// FROM PROTOTYPE TO THEMEPARK 4/4
D23 article originally published by
Disney Twenty-Three website (October 2012)
written byMichael Crawford
(c) The Walt Disney Company
In celebration of Epcot’s 30th anniversary, D23, Disney official fan-club, published this Walt Disney Archives four-part article series looking back at the time before the park’s opening, and continuing with the development Epcot Center as a themepark.
In 1976, Imagineers attempted to decide what the scale of their project could be, given the resources available. The nation again found itself in the midst of an energy crisis and economic malaise, and despite extensive recruitment efforts, it began to appear that not enough corporations and foreign governments could be recruited to make both World Showcase and the Future World Theme Center economically viable.
Proposals to scale down the concept continued throughout the year. In late 1976, with executive review pending, legendary Imagineers Marty Sklar and John Hench famously pushed the models together and EPCOT Center was born. The new park would now have two main areas: Future World and World Showcase. One would be a showcase for the latest innovations of American industry; the other would be a permanent international exhibition. But while this EPCOT Center sounds familiar, it had major differences from the park we know today.
Guests would enter this EPCOT Center through World Showcase, which would serve as the park’s Main Street. Resembling the World Showcase proposal announced a year earlier, the wishbone-shaped complex of modernist buildings surrounded a central plaza housing performance areas and gardens as well as waterways and a Tower of the Four Winds sculpture. A variety of attractions planned for the international pavilions included a Rhine River cruise through Germany, a cable-car ride past Venezuelan waterfalls, and an Omnimover trip through sumptuous Japanese gardens and scenery.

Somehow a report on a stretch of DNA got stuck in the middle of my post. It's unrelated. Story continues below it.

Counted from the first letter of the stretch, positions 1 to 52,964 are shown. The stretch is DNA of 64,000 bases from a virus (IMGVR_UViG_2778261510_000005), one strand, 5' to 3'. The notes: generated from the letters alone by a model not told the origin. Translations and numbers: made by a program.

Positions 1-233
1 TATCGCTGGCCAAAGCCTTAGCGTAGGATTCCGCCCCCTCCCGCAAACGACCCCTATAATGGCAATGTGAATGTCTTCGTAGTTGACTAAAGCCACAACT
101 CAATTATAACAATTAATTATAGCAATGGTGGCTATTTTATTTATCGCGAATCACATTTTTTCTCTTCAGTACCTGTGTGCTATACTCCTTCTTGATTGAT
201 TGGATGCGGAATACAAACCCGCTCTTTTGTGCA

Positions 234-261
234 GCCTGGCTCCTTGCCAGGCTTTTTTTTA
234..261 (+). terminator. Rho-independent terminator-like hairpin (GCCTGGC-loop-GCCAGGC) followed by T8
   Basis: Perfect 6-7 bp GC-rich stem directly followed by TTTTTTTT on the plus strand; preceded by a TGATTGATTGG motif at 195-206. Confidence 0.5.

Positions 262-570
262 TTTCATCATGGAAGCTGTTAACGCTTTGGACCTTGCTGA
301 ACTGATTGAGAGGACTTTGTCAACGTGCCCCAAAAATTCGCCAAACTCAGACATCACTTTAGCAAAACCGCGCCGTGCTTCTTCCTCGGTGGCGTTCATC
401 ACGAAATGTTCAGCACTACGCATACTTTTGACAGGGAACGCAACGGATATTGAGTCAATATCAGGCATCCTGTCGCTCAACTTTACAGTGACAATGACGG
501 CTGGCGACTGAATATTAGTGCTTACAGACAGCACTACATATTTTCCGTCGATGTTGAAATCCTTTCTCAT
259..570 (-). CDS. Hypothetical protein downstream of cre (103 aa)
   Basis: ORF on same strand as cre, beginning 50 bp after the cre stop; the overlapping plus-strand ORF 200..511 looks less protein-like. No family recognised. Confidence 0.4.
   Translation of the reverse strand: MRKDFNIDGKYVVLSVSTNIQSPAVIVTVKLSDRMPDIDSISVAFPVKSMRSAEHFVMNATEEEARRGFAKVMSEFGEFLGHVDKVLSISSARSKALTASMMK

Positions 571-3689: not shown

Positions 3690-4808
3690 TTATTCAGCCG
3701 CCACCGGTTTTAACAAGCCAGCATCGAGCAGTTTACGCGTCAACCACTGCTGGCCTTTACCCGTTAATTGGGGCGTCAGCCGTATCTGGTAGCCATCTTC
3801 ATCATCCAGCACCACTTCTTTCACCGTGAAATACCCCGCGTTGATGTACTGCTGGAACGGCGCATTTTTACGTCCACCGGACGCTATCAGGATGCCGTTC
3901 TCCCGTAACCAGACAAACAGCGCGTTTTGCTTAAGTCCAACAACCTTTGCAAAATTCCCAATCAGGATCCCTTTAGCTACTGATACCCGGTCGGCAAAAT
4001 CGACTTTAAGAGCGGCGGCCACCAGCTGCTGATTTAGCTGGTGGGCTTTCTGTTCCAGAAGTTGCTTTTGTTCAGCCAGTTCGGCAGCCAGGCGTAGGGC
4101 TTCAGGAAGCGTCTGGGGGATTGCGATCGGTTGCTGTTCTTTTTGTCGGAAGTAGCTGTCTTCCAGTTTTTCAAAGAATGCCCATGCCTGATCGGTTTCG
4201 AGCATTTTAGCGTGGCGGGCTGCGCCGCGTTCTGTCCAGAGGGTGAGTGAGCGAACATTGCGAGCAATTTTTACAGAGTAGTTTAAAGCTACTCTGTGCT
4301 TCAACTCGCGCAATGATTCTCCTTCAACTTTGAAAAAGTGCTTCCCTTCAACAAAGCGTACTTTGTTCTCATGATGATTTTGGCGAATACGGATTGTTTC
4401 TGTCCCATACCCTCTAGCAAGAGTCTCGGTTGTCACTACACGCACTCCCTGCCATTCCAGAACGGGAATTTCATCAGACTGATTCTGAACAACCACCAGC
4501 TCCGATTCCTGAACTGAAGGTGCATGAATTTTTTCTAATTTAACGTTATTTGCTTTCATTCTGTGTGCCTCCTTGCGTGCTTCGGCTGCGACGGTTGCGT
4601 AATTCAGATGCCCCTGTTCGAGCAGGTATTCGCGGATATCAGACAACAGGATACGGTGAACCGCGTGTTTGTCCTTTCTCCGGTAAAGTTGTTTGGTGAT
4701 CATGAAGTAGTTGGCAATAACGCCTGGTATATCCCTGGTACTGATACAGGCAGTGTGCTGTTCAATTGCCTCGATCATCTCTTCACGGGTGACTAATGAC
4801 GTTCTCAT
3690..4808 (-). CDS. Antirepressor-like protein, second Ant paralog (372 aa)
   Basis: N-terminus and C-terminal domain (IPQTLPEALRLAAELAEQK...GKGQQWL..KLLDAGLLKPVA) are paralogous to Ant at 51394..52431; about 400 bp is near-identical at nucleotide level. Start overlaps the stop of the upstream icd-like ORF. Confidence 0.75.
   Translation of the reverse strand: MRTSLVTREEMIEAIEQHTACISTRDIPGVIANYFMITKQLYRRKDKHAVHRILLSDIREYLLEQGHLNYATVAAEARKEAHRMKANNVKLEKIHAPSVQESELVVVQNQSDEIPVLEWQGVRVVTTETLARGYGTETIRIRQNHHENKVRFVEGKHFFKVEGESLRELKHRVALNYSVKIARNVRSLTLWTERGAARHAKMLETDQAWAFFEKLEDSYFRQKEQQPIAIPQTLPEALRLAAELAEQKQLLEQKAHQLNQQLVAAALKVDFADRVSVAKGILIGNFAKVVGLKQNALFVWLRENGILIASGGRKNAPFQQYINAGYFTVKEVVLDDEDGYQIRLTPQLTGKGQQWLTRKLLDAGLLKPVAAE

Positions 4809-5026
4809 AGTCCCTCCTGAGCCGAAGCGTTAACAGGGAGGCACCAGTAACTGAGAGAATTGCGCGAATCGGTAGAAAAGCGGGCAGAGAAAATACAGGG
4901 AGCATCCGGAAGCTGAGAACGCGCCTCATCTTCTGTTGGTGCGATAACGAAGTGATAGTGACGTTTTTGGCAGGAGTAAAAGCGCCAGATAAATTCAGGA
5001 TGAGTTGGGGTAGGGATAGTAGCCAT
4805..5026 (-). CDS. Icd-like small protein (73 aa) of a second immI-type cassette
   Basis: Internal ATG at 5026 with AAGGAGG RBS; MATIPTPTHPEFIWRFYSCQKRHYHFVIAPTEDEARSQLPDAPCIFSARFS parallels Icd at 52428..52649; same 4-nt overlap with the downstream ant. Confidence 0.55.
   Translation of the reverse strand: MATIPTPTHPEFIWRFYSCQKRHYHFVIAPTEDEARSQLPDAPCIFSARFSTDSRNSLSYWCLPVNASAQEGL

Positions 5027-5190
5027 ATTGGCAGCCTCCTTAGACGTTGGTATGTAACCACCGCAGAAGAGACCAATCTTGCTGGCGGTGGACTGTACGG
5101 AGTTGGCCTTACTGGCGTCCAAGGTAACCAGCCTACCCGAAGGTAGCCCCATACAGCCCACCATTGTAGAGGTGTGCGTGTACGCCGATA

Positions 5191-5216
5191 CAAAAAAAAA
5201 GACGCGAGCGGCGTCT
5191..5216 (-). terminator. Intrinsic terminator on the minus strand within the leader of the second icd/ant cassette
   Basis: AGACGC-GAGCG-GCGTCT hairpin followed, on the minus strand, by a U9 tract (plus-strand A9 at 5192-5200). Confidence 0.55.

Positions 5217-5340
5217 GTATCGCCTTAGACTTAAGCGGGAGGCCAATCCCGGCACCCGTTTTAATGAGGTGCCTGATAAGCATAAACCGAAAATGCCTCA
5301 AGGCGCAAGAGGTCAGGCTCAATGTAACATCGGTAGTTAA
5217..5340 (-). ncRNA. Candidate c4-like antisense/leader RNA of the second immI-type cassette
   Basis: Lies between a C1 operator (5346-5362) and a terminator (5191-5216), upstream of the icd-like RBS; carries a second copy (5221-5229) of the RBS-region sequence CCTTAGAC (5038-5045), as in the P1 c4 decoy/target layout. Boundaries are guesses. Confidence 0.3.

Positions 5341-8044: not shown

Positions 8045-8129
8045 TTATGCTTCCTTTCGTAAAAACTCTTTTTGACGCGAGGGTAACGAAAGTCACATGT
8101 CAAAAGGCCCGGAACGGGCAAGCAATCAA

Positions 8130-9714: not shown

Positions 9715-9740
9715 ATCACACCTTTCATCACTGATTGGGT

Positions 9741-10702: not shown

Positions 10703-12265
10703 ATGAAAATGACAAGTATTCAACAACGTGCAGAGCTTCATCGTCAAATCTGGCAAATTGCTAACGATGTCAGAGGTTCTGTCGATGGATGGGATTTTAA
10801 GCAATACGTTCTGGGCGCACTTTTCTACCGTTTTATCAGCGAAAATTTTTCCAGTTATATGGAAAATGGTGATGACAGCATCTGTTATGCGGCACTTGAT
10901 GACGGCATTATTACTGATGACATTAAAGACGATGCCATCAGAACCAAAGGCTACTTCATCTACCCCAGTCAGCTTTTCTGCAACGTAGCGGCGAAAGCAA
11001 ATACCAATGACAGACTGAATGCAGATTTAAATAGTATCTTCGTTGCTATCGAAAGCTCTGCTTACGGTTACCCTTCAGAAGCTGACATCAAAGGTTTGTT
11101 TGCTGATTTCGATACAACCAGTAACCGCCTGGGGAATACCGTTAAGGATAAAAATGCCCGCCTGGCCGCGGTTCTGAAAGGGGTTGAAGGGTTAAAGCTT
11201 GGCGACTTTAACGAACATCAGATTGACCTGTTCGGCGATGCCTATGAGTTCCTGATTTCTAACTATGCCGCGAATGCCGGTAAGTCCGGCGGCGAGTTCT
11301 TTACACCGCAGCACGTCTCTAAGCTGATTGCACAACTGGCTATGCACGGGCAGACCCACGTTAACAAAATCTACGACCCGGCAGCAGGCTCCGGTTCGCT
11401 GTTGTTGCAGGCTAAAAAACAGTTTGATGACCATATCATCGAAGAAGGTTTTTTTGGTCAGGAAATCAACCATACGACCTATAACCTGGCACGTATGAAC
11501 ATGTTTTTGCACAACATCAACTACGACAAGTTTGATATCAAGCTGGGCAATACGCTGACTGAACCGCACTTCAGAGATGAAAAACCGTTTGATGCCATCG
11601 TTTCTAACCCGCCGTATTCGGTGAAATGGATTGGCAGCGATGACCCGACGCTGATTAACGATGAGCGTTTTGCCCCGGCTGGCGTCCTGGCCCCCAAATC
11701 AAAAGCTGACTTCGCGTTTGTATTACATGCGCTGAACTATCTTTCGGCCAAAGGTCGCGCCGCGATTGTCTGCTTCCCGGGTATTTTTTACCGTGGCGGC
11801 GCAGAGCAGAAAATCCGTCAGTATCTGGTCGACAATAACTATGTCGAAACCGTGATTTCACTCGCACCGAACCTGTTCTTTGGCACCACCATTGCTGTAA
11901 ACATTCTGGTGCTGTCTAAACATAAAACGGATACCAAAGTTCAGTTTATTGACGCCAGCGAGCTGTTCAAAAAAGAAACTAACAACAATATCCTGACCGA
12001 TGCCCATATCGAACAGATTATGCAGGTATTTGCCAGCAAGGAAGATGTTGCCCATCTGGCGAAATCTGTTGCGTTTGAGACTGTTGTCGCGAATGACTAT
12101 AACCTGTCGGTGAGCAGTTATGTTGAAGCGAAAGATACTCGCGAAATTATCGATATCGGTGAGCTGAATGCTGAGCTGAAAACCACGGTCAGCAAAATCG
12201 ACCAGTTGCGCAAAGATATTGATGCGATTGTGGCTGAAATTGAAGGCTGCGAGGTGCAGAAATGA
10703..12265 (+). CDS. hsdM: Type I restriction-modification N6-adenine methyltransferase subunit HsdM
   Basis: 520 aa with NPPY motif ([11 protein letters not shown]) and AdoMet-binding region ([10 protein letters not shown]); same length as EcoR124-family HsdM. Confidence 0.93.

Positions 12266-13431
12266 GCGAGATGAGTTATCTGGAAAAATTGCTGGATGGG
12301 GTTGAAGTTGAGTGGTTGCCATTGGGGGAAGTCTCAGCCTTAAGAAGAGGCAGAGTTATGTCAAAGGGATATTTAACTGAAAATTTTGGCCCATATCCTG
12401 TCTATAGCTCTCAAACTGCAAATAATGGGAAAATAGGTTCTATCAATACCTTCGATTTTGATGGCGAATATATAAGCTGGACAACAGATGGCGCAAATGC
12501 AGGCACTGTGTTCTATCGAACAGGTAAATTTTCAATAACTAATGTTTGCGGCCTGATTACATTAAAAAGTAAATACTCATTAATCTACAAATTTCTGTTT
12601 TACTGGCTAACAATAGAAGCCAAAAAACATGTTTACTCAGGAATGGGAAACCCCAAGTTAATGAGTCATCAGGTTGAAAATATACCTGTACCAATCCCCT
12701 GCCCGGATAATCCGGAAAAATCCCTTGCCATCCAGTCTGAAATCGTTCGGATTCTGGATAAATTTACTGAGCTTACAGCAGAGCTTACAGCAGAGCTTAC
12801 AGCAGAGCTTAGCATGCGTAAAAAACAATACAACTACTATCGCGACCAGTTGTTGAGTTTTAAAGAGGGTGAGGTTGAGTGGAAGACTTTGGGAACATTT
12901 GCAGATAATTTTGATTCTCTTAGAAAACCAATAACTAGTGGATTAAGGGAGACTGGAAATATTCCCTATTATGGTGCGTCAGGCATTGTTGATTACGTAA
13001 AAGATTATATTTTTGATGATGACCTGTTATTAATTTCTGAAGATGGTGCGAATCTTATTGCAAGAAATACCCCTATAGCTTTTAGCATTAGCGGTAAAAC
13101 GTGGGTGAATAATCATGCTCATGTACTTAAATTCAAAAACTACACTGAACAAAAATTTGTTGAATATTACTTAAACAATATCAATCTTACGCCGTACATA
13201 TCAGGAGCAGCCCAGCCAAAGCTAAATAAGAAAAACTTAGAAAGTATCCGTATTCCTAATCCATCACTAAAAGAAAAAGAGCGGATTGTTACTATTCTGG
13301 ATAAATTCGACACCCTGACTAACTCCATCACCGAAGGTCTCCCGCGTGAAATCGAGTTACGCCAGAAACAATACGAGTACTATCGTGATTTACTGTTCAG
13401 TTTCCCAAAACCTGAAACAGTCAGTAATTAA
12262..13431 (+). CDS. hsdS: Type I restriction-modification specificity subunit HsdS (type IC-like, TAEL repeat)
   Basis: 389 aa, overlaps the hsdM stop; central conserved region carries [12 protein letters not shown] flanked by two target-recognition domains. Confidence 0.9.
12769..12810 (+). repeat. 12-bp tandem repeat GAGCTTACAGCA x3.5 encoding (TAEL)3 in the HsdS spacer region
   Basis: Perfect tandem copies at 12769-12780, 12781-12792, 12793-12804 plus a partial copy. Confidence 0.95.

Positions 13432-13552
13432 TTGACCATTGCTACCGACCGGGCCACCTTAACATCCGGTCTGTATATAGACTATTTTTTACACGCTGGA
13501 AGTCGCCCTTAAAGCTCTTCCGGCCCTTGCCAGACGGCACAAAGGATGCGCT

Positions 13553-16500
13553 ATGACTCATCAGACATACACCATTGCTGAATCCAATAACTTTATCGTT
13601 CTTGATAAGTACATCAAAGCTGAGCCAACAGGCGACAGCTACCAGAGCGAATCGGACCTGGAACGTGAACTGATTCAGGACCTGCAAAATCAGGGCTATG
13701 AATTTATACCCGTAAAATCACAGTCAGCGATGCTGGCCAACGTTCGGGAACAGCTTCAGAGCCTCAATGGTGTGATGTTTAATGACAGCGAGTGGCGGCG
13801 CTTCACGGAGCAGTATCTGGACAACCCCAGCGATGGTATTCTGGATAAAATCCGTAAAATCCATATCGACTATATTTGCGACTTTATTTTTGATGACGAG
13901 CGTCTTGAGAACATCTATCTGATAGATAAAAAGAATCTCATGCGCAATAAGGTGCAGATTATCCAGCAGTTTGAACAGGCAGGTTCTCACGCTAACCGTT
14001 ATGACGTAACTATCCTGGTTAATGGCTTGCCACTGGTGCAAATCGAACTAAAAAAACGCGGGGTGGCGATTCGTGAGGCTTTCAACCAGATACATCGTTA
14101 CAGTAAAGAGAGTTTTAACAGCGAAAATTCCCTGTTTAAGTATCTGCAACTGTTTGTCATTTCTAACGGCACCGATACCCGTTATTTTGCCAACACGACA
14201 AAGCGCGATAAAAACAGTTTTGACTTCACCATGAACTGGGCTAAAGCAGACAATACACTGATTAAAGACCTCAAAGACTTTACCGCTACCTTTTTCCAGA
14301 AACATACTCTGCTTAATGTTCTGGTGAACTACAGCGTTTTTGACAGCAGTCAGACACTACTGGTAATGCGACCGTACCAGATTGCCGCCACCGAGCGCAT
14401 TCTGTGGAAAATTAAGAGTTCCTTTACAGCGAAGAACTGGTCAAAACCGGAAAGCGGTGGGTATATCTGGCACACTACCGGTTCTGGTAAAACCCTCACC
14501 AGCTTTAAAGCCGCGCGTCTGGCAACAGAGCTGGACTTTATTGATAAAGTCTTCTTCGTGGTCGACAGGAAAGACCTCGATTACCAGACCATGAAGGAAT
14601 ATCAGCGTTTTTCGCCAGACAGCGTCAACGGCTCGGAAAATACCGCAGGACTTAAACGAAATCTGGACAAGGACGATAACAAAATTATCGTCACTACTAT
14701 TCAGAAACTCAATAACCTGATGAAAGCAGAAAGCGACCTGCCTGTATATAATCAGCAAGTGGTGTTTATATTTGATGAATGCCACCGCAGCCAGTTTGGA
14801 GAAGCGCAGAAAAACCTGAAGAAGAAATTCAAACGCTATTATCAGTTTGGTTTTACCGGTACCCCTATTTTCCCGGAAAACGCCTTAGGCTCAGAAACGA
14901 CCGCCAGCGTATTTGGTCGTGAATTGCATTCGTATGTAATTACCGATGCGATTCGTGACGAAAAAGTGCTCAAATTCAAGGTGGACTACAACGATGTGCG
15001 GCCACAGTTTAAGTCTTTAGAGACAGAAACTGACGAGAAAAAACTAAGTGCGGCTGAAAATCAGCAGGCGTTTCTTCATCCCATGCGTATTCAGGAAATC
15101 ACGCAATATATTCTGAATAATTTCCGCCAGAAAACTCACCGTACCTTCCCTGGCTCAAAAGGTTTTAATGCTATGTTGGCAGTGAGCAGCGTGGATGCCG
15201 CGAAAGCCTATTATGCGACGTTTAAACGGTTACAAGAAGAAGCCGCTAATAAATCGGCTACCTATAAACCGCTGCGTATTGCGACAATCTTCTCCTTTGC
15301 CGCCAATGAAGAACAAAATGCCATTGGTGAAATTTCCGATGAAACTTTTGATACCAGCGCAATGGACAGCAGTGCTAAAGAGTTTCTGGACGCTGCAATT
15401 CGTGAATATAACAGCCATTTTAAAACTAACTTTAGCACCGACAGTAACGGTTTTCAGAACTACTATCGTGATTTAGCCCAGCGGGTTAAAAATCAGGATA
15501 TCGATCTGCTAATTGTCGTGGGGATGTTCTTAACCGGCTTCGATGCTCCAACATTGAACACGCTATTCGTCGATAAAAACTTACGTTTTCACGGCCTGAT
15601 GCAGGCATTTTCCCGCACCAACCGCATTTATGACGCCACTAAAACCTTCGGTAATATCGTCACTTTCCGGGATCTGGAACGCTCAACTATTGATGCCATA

Facing World Showcase across a large central lagoon and past a cluster of towering spires was Future World. Here, the EPCOT Theme Show would serve as the introductory presentation of EPCOT Center. Focusing on man and his spaceship earth, the show offered a moving experience combining a one-of-a-kind theater with film and automated techniques. Afterward, guests could learn about the future of a number of fields by visiting other Future World shows and exhibits. They could even take in a panoramic view of the park from a restaurant and cocktail lounge in one of the spires overhead.
While many of these ideas never came to fruition, some concepts—and menu items—made their way into the park on opening day. For Canada, planners even projected a menu for the Canada “buffeteria” that included cheddar cheese soup, a modern-day favorite. Plans for the Germany pavilion included a Munich beer hall atmosphere similar to today’s Biergarten, and although the World Bazaar never made it into the park, the name was re-used for Tokyo Disneyland’s entrance area in 1983!
Future World’s pavilions were grouped into two major areas on the east and west sides of the park. They were connected to the CommuniCore by two “malls” and featured pavilions devoted to related fields of study. The East Mall connected to the bio-science-related pavilions of Oceanography, Health, and Food/Agriculture; the West Mall led to technology-based pavilions including Energy, Transportation, and Space.